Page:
This Hibachi Fried Rice is quick, easy, and just like you’d get at a Japanese steakhouse. And with spicy char siu pork added to the mix, I daresay it’s even more delicious! This one-pan wonder will easily find its way into your regular weeknight dinner rotation.
Hibachi fried rice is one of those dishes that seem so simple to make, but never seems to taste quite the same as when you get it at the restaurant. But with this recipe, you’ll get fool-proof, steakhouse-quality results every time!
The eggs, seasonings, veggies… it’s all here. Plus, I’ve added another ingredient that sets it apart — a mouthwatering char siu pork that’ll take your Japanese fried rice to another level.
This recipe is all about speed. Everything comes together in 10 minutes or less, and you can start chowing down as soon as you scoop it onto your plate. And that’s exactly how I suggest you enjoy it!
Though I usually enjoy my hibachi fried rice as a main course, it also makes a great side. Enjoy it with some Spicy Chicken Meatballs or a refreshing Sunomono Salad for a fantastic variety of flavors and textures.
INGREDIENT NOTES AND SUBSTITUTIONS
- White Rice - Use a short grain white variety that was prepared the night before. I recommend Calrose, Kokuho Rose, or Koshihikari.
- Sesame Oil and Vegetable Oil - Sesame is very aromatic and too overpowering to use on its own for frying. We’ll use vegetable oil as well to even things out.
- Green Onions - Separate the green leaves and white stem of the onion, frying them separately so as not to wilt the thinner leaves.
- Garlic - Stir fried with the onion, its bold, sharp, and nutty flavor will add a layer of depth to the entire dish.
- Eggs - I use two eggs when I make hibachi fried rice, but you can add more if you like.
- Char Siu - This spicy and sweet pork will add a wonderful savory note. If you have ham on hand, that could make a great substitute.
- Edamame - Edamame will bring a much needed freshness to this slightly heavy dish. Peas are often used instead.
- White Pepper - This pepper adds a heat that isn’t overbearing or heavy.
- Ginger or Soy Sauce - Use either ginger or soy sauce per your preferences. Ginger sauce is bright and acidic, while soy sauce is full-bodied and salty.
HOW TO MAKE HIBACHI FRIED RICE
1. Break up the Rice. Prepare some the night before, refrigerate, and break it apart in a bowl to get rid of any clumps.
2. Stir Fry the Aromatics. Pour the sesame and vegetable oils into a wok (or large frying pan) and heat on medium-high. Once the oil begins to shimmer, sprinkle in the onion whites and garlic and stir fry for 30 seconds.
3. Fry the Eggs. Beat the eggs in a bowl and pour them into the wok with the onions. Don’t touch the eggs for 30 seconds or so before scooping in the rice. Turn up the heat to high and toss everything together until each grain is coated. Work quickly to mix everything together in 1 minute.
4. Stir in the Other Ingredients. Drop the greens of the onions, char siu, and edamame into the wok and toss everything together. Continue stir frying for another minute until all ingredients are warmed through.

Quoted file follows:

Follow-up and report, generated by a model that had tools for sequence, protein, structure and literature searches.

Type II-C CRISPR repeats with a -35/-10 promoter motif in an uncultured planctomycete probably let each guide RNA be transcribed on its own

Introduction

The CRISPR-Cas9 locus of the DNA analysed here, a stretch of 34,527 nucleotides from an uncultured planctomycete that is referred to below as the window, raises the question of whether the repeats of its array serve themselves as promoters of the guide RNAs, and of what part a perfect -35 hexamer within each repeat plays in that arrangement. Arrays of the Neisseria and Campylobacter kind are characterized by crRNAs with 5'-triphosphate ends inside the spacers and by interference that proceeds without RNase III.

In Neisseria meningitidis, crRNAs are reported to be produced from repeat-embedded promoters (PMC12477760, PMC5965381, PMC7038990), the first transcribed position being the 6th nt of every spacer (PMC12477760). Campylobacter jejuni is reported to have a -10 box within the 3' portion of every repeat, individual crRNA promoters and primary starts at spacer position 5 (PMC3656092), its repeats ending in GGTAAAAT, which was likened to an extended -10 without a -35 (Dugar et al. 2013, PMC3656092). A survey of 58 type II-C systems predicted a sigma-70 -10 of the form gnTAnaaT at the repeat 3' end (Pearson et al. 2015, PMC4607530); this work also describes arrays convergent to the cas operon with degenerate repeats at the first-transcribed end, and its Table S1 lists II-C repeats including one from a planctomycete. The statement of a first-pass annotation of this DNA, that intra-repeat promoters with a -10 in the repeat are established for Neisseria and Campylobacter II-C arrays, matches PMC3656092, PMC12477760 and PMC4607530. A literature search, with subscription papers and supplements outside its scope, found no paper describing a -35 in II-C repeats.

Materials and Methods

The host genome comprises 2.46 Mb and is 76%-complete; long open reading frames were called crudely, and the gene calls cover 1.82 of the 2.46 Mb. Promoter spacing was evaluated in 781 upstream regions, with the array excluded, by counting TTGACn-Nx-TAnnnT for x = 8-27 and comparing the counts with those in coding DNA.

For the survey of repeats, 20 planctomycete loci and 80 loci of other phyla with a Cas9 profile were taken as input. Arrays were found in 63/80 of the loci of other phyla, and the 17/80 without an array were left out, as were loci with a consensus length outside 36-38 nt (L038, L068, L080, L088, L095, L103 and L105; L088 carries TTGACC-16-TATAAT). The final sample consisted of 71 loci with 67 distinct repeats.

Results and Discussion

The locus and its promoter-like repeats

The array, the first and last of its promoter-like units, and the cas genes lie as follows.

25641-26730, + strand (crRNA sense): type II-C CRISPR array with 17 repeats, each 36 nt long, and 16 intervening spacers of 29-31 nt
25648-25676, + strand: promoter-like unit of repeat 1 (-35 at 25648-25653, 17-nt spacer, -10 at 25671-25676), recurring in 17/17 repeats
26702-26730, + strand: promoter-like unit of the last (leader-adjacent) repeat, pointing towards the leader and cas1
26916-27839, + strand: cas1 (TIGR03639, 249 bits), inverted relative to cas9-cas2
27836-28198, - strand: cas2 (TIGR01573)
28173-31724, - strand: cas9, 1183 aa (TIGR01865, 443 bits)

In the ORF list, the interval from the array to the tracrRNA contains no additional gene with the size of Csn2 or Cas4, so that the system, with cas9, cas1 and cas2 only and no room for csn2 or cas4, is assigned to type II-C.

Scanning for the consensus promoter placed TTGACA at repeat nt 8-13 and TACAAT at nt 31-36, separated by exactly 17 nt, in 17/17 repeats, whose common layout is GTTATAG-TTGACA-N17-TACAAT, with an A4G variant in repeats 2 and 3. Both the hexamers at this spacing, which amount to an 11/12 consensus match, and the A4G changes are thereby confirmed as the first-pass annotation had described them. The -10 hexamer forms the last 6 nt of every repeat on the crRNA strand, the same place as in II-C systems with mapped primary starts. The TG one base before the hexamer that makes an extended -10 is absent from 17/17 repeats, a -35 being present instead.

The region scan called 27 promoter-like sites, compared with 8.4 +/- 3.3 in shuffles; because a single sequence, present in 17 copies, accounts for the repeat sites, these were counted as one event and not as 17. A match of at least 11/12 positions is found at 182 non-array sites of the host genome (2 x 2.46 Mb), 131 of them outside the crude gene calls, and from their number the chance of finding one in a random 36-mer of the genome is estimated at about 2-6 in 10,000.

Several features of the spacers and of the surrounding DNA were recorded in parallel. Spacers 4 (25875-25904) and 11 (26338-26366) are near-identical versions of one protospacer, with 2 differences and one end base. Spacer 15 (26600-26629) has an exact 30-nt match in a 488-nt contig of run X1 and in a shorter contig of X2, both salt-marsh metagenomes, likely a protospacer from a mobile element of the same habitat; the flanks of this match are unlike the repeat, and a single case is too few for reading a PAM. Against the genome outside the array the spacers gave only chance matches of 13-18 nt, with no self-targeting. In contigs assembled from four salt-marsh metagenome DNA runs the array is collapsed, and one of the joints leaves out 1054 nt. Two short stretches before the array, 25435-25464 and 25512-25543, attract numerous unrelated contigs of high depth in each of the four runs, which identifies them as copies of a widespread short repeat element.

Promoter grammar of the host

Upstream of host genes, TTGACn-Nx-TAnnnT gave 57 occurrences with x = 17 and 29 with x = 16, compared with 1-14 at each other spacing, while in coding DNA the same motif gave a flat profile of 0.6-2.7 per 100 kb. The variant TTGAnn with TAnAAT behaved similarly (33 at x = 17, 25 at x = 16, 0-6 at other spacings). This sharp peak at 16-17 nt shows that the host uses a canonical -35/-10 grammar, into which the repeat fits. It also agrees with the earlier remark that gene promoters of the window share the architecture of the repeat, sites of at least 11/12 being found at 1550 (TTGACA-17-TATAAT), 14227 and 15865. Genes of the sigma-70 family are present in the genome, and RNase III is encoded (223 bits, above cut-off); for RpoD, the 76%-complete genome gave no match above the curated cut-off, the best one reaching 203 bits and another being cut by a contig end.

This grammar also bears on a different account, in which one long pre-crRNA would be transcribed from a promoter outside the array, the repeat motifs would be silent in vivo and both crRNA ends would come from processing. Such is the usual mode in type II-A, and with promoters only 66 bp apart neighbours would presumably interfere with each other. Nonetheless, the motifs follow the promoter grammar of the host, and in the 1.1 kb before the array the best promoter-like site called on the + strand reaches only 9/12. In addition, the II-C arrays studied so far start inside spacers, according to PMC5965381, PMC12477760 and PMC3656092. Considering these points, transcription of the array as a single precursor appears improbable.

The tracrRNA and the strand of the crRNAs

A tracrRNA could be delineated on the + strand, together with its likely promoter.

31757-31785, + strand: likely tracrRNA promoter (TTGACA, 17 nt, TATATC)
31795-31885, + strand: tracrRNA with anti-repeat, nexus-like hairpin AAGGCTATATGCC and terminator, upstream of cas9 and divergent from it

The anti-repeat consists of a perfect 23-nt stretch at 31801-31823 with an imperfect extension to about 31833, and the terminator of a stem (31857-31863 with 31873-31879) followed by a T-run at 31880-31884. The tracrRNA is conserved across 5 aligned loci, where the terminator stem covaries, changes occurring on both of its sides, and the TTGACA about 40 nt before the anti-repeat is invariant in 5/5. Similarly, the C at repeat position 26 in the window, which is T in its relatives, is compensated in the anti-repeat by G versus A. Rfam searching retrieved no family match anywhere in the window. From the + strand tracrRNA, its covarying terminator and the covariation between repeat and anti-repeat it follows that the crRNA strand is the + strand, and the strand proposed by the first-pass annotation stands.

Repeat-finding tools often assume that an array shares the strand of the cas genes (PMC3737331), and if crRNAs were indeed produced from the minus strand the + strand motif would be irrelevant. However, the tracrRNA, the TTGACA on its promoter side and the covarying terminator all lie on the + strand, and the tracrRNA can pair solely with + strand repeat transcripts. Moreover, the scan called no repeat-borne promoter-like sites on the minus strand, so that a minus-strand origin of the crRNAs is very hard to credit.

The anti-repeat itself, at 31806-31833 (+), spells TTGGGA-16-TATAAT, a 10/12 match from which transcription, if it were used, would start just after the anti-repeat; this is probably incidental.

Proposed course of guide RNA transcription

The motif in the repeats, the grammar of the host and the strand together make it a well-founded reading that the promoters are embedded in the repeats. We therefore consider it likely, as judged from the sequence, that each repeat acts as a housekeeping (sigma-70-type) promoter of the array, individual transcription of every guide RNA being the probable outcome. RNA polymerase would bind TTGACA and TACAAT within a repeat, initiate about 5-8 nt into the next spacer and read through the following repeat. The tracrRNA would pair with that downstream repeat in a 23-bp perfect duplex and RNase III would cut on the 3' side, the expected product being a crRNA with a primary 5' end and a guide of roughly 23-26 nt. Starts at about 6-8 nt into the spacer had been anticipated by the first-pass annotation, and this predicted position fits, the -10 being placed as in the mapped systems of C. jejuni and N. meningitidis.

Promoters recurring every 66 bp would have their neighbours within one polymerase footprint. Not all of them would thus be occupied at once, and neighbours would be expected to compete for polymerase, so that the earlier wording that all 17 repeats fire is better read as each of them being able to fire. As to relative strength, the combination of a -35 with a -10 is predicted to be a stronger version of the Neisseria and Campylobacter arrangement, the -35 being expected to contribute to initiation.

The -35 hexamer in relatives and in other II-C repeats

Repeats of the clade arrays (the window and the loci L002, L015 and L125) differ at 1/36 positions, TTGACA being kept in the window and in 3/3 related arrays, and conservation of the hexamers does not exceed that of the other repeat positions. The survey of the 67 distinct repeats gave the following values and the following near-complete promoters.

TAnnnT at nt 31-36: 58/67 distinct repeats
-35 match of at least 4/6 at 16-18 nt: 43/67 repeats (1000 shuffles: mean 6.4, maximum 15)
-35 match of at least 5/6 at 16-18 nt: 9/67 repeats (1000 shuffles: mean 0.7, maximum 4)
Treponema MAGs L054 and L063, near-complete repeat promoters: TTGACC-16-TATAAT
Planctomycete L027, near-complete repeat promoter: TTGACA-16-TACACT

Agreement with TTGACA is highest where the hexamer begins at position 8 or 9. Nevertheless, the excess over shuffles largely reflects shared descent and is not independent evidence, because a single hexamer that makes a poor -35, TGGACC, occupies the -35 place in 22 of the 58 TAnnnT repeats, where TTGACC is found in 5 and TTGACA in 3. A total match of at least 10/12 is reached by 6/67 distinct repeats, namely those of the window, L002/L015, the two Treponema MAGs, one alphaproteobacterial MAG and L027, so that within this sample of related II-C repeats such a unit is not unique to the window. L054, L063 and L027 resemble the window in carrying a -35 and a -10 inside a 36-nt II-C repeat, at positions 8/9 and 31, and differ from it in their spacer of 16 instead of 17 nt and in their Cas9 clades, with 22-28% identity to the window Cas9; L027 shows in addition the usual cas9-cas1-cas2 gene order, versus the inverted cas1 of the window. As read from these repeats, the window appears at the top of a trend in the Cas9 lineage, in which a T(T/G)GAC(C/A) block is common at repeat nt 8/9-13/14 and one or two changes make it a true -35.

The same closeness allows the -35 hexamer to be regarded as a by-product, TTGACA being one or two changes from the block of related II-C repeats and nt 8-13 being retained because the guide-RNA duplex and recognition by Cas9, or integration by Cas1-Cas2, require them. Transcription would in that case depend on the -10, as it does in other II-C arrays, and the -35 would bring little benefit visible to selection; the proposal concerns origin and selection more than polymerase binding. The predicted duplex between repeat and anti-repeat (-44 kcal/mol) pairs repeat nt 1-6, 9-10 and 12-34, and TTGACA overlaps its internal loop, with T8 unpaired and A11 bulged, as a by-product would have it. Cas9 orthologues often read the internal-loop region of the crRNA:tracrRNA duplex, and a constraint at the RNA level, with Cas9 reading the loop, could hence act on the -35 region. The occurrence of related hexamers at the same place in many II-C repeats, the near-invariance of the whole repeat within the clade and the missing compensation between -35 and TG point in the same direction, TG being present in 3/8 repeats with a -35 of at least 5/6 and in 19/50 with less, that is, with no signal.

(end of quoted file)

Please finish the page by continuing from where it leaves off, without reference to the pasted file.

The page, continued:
5. Sauce and Serve. Top with the ginger sauce and sprinkle the white pepper over top. Mix well, tossing in the wok a few more times. Serve immediately, while it’s still steaming!
What is the best rice to use for hibachi?
You always want to use leftover, refrigerated grains to make a stir fry. Otherwise, they will absorb the oil and become soggy. This will compromise the entire dish and ruin the texture.
On top of that, be sure to use a short grained white variety that won’t expand too severely after cooking.
How long is leftover Japanese fried rice good in the fridge?
If you’re using char siu or ham, I wouldn’t recommend refrigerating for longer than 5 days or so. Made without meat, however, you could enjoy leftovers for up to a week.
To reheat, pop Japanese fried rice in the microwave with a damp paper towel or a teaspoon of water to help the dish rehydrate as it warms back up.
Are hibachi and Chinese fried rice the same?
They’re different down to the last grain! Hibachi uses a short grain, while Chinese uses long grain. Aside from that, the seasonings vary as well. Chinese fried dishes also tend to be a bit heavier and use more oil.
Hibachi Fried Rice
- 3 cups day-old short-grain white rice (Calrose, Kokuho Rose or Koshihikari)
- 2 teaspoons vegetable oil
- 1 teaspoon sesame oil
- 2 green onions thinly sliced, whites and greens separated
- 2 cloves garlic minced
- 2 eggs beaten
- 4 ounces char siu or ham cut into small pieces
- ½ cup frozen edamame or peas thawed
- ¼ teaspoon white pepper
- 2 tablespoons ginger sauce or soy sauce
- Crumble the day-old rice into a bowl to break it up.
- In a wok or large frying pan, heat both oils over medium-high heat until shimmering. Add the whites from the green onions and garlic. Stir fry until fragrant, about 30 seconds.
- Add the beaten eggs and let it set for 30 seconds before adding the rice, and increase the heat to high. Use a spatula, tossing to coat the rice with egg, about 1 minute.
- Add remaining green onions, char siu and edamame, tossing to incorporate. Stir fry until char siu and vegetables are heated, about 1 minute.
- Season with pepper and ginger sauce, tossing to coat. Stir fry a few more seconds, then serve hot.
*The information shown below is an estimate provided by an online nutrition calculator. It should not be considered a substitute for a professional nutritionist's advice.